The results speak for themselves. In 40 years in which he has made more than 5,000 guitars, Millard has produced custom-made instruments whose chief signature element may be that they have no signature element, other than excellence. When you buy a Martin or a Gibson, you buy a guitar the makers are telling you is going to sound great. And maybe they’re right. When you work with Froggy Bottom, Millard is listening to what you want.
If all this sounds rather guitar-geekish, it appears that the results are palpable to the audience.
Ainslie recounted a gig he played a couple of years ago when he didn’t have his Froggy Bottom with him. He noticed the difference, but he thought maybe the audience hadn’t, until a couple of people who knew his music well went up to him after the show and said "Nice set ... but we really miss the Frog."
Millard grew up in Thetford but left Vermont when he was about 9, when his family moved to Connecticut. There, two important things happened. He began working at a boatyard, learning skills which proved important later in his guitar-building. He also got turned on to music, learning to play guitar and listening to great old rock and roll and blues records.
After college, he moved to New York City and found work at Gurian Guitars. "The Gurian thing was, no pun intended, instrumental," Millard said.
When Gurian moved to Hinsdale, N.H., Millard moved with him and later set up his own shop, opening in Williamsville in 1985. He now divides his time between this area and northern Vermont. "My heart is still here," he said.
Gratitude is a prevailing sentiment Millard expresses, as he regards a life strung together by the right people at the right time -- the boat building experience; the friend in Connecticut who turned him on to music; the musician friends he hung out with who seemed simply motivated by a sincere love of music; the time he spent with Gurian; the top-notch staff at Froggy Bottom -- Andy Mueller, Eric Goodenough, Mike (Moose) Raymond, Larry Sweeney and Petria Mitchell; the musicians who play his instruments.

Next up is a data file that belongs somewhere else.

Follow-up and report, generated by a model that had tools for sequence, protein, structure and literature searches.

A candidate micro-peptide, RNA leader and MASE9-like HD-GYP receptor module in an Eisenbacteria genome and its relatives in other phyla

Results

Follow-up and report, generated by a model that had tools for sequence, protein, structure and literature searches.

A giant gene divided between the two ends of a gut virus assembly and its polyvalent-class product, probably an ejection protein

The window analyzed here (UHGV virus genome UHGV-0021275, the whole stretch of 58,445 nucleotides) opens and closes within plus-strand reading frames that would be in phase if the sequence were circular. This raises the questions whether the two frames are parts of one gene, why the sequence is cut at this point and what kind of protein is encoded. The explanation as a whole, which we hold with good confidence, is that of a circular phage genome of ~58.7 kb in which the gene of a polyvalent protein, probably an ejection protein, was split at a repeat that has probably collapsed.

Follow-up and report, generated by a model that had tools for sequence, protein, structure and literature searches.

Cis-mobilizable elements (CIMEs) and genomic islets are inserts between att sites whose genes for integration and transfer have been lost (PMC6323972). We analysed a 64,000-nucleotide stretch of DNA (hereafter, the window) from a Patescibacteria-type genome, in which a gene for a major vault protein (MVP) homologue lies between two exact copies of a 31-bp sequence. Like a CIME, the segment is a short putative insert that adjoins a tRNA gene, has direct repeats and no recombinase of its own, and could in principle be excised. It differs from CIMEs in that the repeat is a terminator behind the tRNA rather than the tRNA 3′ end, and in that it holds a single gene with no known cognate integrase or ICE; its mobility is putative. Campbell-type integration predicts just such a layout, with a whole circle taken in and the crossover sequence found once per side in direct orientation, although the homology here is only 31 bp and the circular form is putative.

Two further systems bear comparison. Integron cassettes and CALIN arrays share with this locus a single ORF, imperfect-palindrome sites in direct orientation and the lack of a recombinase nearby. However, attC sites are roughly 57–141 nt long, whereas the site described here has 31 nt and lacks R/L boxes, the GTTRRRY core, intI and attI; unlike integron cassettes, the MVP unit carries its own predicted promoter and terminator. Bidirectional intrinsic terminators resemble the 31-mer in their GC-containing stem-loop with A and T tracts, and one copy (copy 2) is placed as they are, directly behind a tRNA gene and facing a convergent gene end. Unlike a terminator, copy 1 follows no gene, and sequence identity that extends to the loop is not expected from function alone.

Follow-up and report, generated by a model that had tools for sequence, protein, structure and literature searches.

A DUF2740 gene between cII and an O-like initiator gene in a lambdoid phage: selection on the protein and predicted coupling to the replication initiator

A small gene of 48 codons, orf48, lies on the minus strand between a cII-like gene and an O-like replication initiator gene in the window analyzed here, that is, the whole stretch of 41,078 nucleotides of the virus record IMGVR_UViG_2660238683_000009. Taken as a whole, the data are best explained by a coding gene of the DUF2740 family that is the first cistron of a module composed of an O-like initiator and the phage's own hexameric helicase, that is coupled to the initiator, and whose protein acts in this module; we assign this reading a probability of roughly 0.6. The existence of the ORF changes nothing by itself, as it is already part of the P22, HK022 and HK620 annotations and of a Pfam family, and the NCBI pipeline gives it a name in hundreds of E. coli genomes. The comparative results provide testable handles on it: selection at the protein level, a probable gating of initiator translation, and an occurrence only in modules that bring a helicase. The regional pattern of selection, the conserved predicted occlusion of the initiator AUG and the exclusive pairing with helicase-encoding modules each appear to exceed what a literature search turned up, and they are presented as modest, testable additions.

Also influential were the guitar workshops he and a buddy attended at an early age led by the Rev. Gary Davis, who would pick up each participant’s guitar, hold it, regard it, tap it and then play it, choosing what seemed to be the right song, no matter how cheap and beat up the guitar was.
"It was only much later that I began to realize it and see it for what it was," said Millard. "It wasn’t about him. It was about the guitar."
That, ultimately is what Friday’s event is all about, too.
The evening came about at the urging of Next Stage co-founder Eric Bass as an interesting way of examining the interplay of musician, music and maker.
"One of the cool things about guitars, in spite of all the drama, the sturm und drang, is every guitar speaks for itself," said Millard.
Tickets are $20 general and $18 for students/seniors, available at Offerings Jewelry, Putney and online at www.nextstagearts.org. This event is made possible with media support by Vermont Public Radio and additional support from Maple Leaf Music in Brattleboro.